5 Lessons from My First 90 Days in Techby@augustina
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5 Lessons from My First 90 Days in Tech

by AugustinaDecember 29th, 2020
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Advice and lessons learned from 3 months working as a product manager in the technology industry.

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It has been approximately 90 days since I started my role at Arm, as a SW Technology Management graduate. To say it has been a rollercoaster is an understatement. Coupled with working from home during a global pandemic and ramping up virtually, it has been an amazing journey so far. I have had many lessons from my time here so far, some of which I learned as in intern previously, and some that I am growing to understand as I go through this role. I thought it was worth distilling them into 5 main lessons I have learned here. 

1. It’s actually okay to just learn, and not to do — my struggle with shiny toy syndrome.

Before coming into this role, I had constant shiny toy syndrome. Product Management/ Strategy was something I knew I wanted to pursue and grow into, but I was also interested in learning more about user experience design, cloud technologies and many other avenues in technology. I started many blogs, business ideas, and fell under the belief that I had to be every single one of the roles that looked interesting to me. 

The joy of my role and the beauty of what I do is that I get the opportunity to learn about technology across the stack and across industries. The past 90 days have forced me to learn without trying to be everything. I have a much more focussed idea of where I want to be and what skills I want to have over the next season, and even though they might change, I am happy that the focus right now is stronger than it was before. Whilst I still love learning about user experience, embedded engineering, UI design etc, I know what I want to do, and am focussing on doing those, whilst learning the former. There is no problem (that I can see right now) in learning about many different parts of technology, as the overlap across many different roles is evident, but having more streamlined focus is the goal here on out.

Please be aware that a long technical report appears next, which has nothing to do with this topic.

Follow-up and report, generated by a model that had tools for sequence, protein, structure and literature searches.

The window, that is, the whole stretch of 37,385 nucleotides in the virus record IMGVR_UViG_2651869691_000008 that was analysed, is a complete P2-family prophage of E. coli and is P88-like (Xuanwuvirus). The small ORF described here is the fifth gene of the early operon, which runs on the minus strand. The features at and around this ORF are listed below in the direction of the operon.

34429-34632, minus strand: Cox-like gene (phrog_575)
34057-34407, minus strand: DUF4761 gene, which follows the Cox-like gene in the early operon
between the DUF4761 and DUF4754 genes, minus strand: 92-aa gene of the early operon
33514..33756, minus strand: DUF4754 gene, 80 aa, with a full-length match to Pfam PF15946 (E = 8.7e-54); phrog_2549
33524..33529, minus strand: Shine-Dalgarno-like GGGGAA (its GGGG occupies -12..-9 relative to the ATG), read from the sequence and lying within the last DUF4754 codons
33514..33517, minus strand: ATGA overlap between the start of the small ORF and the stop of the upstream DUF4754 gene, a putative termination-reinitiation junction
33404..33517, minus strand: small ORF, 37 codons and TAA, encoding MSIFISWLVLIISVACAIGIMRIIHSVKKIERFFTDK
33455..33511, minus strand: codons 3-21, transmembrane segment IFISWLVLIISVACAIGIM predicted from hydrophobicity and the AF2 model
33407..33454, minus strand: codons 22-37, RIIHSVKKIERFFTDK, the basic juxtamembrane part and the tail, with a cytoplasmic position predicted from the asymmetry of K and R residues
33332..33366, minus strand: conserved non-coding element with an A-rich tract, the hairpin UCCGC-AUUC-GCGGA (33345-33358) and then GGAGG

2. Culture really is everything when finding your first job. 

You know when you have a dream of working at a company for a while and then you finally get there and it is better than you thought it would be? Well that is me with my company.

I loved working with my team as an intern and it was the company culture that made me really excited to come back. There is so much opportunity to learn and grow with people passionate about their work and the semiconductor industry.

One of the best things about my company is my team. I’m sure I tell everyone this, but it is the honest truth. Having a manager that is supportive of your technology interests, pushes you to do better and provides great career and pastoral care is a luxury in the working world that I feel honoured to have, especially in this time. Having a team that are more than happy to fill me in on what I have missed in the gap between my internship and graduate position and are ready to help whenever they can, is a privilege. 

It’s actually quite hard to explain the company culture in words, it is one of the things you need to really be there to experience, but it is definitely something that I enjoy. 

Company culture is so important, and has permanently gone to the top of my list when looking at opportunities in the future.